A truck bearing the message, “Don’t get vaccinated,” has fooled social media users after it emerged as a “dark” pro-vaccination campaign.
An “awesome” pro-vaccine advert with a dark message for anti-vaxxers has been praised after it fooled everyone.
Photos from the US of a truck bearing a messaged that read, “Don’t get vaccinated,” began circulating on social media over the weekend.
At first glance the message appears to support the anti-vax movement.
But on further inspection, the name of “Wilmore Funeral Home” can be read underneath the message.
And it didn’t take long for Twitter to blow up in support of the burial business’ ironic advert, that was seen driving around a football stadium in Charlotte, North Carolina, on Sunday.
“That is awesome! The funeral home wants your business, so don’t get vaccinated! Love it,” one wrote.
“Yesterday I saw an 18-wheeler with an ad saying “DON’T GET VACCINATED!”… it was an ad for a funeral home. Absolutely genius,” another said.
Someone else said: “Think about it … It’s a powerful message. Don’t get vaccinated, end up at funeral home.”
In the US more than 386 million doses of the vaccine have been administered with 55.6 per cent of the population being fully vaccinated.
However, the jabs have been passed up by some 70 million eligible Americans, Bloomberg reports.
Another twist in the tale
However the story behind the clever advert takes another surprise turn when you Google the name of the business.
Instead of finding a functioning funeral home, visitors are bought to a black page with the stark message: “Get vaccinated now. If not, see you soon.”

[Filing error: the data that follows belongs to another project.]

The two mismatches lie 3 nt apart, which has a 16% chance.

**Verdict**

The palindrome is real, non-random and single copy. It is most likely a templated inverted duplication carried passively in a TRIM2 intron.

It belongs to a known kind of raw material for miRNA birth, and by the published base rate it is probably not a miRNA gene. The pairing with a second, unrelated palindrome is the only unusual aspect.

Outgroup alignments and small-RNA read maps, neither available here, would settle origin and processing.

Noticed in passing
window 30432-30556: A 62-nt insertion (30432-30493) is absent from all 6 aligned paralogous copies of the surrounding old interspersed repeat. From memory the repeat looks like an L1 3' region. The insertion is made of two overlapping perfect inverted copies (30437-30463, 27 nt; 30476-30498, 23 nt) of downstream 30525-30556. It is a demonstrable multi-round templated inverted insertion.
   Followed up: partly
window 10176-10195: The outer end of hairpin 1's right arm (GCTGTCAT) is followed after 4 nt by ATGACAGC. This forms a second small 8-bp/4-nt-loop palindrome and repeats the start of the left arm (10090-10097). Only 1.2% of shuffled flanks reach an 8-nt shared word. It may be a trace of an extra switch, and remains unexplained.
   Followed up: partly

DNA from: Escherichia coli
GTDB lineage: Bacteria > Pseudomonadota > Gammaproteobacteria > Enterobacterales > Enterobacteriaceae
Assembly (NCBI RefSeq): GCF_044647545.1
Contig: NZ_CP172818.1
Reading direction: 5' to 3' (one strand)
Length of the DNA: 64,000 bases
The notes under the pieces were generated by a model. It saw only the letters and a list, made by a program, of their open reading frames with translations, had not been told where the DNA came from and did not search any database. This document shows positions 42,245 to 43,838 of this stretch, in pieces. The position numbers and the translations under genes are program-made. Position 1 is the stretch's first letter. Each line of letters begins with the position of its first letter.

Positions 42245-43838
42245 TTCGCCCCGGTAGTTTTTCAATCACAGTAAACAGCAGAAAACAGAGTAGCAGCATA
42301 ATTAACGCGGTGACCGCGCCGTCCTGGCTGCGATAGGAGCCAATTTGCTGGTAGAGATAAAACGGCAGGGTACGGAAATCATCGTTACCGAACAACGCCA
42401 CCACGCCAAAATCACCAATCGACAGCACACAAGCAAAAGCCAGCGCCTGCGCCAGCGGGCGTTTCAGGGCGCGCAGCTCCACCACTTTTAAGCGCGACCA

Clicking into the message directs you to the website of a local private healthcare centre StarMed, taking you directly to its Covid-19 vaccine page.
Wilmore Funeral Home never existed and instead was thought up by an ad agency working with StarMed Healthcare which came up with the idea of the campaign internally as a way to help push people to get vaccinated.
“Almost everyone here [at Boone Oakley agency] got their vaccines at StarMed,” David Oakley, president of Boone Oakley, told Newsweek.
“A lot of pro-vaccine advertising is very straightforward,” Mr Oakley said. “We thought, ‘Is there a way to turn it around and do it from a different perspective?’”
Once they formed the idea, they purchased their mobile billboard and hit the road.
Oakley said that although they were a bit nervous about the campaign, if just one person gets vaccinated because of it, it’s worth it.
However the clever stunt still took some explaining online, with one Twitter user telling those confused online it was a “satirical, dark PRO-vaccine ad”.